Since its launch last year, Oculus has kept tight control over the library of software on the wireless Quest headset, applying what the company called a “quality-first approach” to app approval. Today, Oculus pledged to loosen that control with a new app-distribution path to be rolled out early next year.
In a blog post today, Oculus says its console-like curation approach for Quest has been a success, highlighting over $100 million in Quest content sales in its first year. That same tight curation will still apply for the main Quest store going forward.
But Oculus now says it will also be adding “a new way for developers to distribute Quest apps” in early 2021. This new channel “will enable developers to share their apps to anyone with a Quest, without having to be accepted into the Oculus Store, and without the need for sideloading,” the company writes.
Currently, adding unapproved apps to a Quest headset requires setting the device to a less secure “Developer” mode and using a PC-based tool like SideQuest to transfer the necessary files. Oculus isn’t sharing many details about its new app distribution method, but the process sounds like it will be more streamlined for end users looking for a wider array of VR software.
While Quest apps in this new channel will still have to conform to Oculus’ general content policies (e.g., no pornography, no hate speech, no real-money gambling, etc.) Oculus writes that “apps distributed through this new channel won’t be held to the same technical standards as official Oculus Store apps.” That makes it ideal for developers who “want to share their apps as broadly as possible [or] test early-stage applications and distribute to specific users.”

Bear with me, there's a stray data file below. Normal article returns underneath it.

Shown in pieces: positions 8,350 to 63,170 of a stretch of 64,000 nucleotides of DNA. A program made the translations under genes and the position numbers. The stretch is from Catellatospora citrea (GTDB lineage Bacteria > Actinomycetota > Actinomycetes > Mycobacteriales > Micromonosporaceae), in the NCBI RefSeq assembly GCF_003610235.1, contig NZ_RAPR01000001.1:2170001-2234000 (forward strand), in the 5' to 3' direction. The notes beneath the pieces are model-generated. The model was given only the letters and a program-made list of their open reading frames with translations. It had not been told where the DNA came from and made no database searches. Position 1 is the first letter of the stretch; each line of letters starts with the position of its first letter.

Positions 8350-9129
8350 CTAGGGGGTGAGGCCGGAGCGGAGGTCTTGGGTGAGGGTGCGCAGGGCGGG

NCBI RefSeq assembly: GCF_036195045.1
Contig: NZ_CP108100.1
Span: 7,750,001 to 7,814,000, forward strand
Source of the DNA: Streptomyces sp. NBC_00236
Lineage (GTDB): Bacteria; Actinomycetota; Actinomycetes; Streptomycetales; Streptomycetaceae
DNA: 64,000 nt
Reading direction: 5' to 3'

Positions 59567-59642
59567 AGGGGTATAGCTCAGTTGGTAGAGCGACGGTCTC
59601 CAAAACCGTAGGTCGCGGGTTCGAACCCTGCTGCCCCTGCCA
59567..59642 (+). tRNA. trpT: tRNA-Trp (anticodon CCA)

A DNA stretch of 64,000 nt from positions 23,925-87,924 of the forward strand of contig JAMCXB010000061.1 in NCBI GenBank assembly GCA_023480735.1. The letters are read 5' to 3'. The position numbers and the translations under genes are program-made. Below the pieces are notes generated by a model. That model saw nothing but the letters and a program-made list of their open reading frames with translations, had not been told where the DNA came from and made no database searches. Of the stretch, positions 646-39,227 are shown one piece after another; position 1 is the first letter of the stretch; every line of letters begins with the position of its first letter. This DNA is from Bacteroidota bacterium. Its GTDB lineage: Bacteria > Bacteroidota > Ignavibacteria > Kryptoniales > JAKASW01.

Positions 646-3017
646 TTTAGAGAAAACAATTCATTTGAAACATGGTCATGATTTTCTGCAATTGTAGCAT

Alongside the expansion for Quest software, Oculus also today announced the end of support for its older Oculus Go hardware. The company now lists the Go headset as “no longer available” on its official website, and developers will no longer be able to submit new Go apps or updates to Oculus after December 4.
The self-contained Go headset—itself built as a replacement for the mobile phone-based Gear VR line—was the last Oculus product that didn’t feature support for hand-tracking controllers or head-tracking six-degree-of-freedom movement. Deprecating that hardware makes some sense for a company trying to make a clean break from the more limited, less capable hardware of the past.
At the same time, the budget-priced Go (only $149 for a 32GB version) was a great entry-level headset for users who wanted a VR experience that was still a step up from something like Google Cardboard. Cost-focused use cases like education, training, and museums will likely be forced to invest in the $400 Oculus Quest instead, even if they don’t need its expanded feature set.
Listing image by Sam Machkovech